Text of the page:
Ireland Intro

So… Large hostel dorms suck leprechaun balls…

Yesterday was a really long day, bouncing across countries takes it out of you! I could really have done with a good nights sleep, in a proper bed, with a mug of coco, and a warm lady beside me, while we are making a wish-list. Instead I got a rickety bunk bed that wasn’t long enough [ SOMEONE FOR FUDGE SAKE MAKE LONGER BEDS ] nowhere to charge my phone and a scratchy blanket. You know, the brown ones with extra added scratchiness from the 1900’s that must be made out of hay rather than cotton. And on top of all this luxury, some drunk irish prick wandered in at god knows what hour. He helpfully went to sleep right in the middle of the floor (presumably because he was too drunk to find his bed) and started snoring like a lethargic pneumatic drill…. Needless to say it was not my best nights sleep, and the Irishman was lucky to survive the night…

Seriously though, lets get this straight. If you run a hostel you know that (barely) adults are going to be staying there, most of which grew out of bunk beds over a decade ago. If you must use bunk beds, then please make them 7ft long so we dont have to sleep in the fetal position. Or better than that, dont give them solid ends so our feet can just hang in free space! Trust me, if you are vertically afflicted with 6ft plus of pure awesomeness, beds without ends are a must. Im sure the government should give us a grant or something for special mattresses???

I am midway through a project so after bringing myself off the boil with a tea and muffin at nero, I set to work on the train to Colerain. This is the major advantage over driving, you get to multiply your time on the train. Not only am I off to somewhere cool, but I’m working enroute and provided the signal is good enough I can even have a skype call. It wasn’t, but one-day it will be. This made the trip go quicker and gave me a productivity tick for the day which meant once I had arrived, I could just enjoy the rest of the fun, guilt-free.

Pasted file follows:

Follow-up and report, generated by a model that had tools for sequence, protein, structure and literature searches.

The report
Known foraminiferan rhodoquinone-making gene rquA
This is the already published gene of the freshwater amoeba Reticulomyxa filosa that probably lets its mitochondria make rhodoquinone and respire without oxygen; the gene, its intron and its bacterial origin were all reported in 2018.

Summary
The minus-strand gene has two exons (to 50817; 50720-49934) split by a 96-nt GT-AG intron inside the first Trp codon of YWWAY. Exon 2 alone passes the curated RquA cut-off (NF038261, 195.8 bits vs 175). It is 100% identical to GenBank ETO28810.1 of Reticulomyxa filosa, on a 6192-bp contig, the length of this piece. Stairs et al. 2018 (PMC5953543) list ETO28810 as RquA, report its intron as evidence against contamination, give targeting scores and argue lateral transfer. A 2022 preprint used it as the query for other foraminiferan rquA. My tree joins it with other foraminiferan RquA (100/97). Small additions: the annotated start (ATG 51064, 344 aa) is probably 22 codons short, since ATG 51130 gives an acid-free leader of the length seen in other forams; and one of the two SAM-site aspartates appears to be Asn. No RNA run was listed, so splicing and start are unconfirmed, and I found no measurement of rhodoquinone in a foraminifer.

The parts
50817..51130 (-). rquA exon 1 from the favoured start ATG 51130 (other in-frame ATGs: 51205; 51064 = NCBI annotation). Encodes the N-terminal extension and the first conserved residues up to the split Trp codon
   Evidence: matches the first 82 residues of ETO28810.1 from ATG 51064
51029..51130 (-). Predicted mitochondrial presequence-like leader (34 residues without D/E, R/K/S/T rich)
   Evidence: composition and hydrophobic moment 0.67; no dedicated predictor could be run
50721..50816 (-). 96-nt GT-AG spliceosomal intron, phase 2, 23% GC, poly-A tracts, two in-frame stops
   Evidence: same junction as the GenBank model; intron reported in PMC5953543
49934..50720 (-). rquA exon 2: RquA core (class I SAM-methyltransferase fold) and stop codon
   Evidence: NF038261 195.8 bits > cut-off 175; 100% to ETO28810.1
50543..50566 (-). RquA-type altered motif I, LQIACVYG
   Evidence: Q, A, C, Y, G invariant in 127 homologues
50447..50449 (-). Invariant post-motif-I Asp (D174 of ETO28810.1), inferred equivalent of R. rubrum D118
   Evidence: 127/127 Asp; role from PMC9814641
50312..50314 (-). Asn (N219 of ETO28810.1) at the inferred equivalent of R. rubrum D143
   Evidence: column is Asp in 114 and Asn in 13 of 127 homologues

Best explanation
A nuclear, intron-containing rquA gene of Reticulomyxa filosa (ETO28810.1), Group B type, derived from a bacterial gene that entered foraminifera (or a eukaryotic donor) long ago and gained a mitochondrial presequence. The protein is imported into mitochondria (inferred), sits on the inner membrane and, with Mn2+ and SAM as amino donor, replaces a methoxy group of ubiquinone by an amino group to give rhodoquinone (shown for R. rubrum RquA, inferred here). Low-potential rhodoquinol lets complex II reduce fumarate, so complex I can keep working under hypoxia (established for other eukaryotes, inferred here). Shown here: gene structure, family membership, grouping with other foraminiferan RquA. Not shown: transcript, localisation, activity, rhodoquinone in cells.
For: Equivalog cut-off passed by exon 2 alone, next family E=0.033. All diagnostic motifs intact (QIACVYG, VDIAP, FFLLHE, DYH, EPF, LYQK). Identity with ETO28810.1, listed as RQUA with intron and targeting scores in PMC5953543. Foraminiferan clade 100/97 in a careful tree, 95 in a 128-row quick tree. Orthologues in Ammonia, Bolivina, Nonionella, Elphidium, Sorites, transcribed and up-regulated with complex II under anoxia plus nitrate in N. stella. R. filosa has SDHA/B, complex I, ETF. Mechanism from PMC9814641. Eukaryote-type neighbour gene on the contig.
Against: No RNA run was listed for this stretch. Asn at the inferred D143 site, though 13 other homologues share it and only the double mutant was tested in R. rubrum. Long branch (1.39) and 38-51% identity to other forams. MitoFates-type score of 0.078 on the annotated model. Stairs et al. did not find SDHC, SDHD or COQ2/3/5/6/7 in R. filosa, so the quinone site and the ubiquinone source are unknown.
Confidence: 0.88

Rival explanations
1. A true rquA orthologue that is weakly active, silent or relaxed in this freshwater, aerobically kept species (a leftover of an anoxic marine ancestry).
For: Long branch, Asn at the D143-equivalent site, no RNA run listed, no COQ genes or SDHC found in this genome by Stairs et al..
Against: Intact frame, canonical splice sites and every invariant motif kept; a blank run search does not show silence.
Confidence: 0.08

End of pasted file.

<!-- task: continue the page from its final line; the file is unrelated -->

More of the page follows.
I was in ireland at the invitation of Phil and his friend Howard. Howard is a bike nut and travels around the UK watching motorbike racing and road racing. He even bought a house in ireland and lived there for a few years so he was close to the action. We were now here, in his old stomping grounds to witness the NW200 Road Race. Frighteningly fast, the track was public roads just 2 hours before the event with all the hazards any biker would expect to find; trees, kerbs, signs, manholes, white lines. White lines at 180+ mph are a very dangerous thing. They are like riding over a snake and make the bike squirm uncomfortably at… ahem 90 mph… so I can only imagine what they do at double that speed!

We chatted with a couple of the riders about this. Hitting 180 mph on the roads is something that you just can’t do in “real life” so these road races allow people to enter a parallel universe. A universe where they can pretend to be running from the cops as fast as their bike can carry them and as fast as their nerve allows. We walked around the paddock chating with loads of bikers, being introduced by Howard. He’s been following the scene for years and knows them all by name and gave us the history and inside track on what was going on. I love bikes but I don’t follow racing, im just not interested in who wins. I enjoy seeing a good ride and the battle for position. We were chatting to one rider who was having trouble with his bike. It seems the manufacturer’s limiter was kicking in at 180 mph and stopping him maintaining position on the long straights of this track. He’s one of the only guys on the track running a Suzuki GSXR  and the latest one hasn’t had all the kinks worked out. A team with a bigger budget had worked it out but they weren’t about to give up the competitive advantage.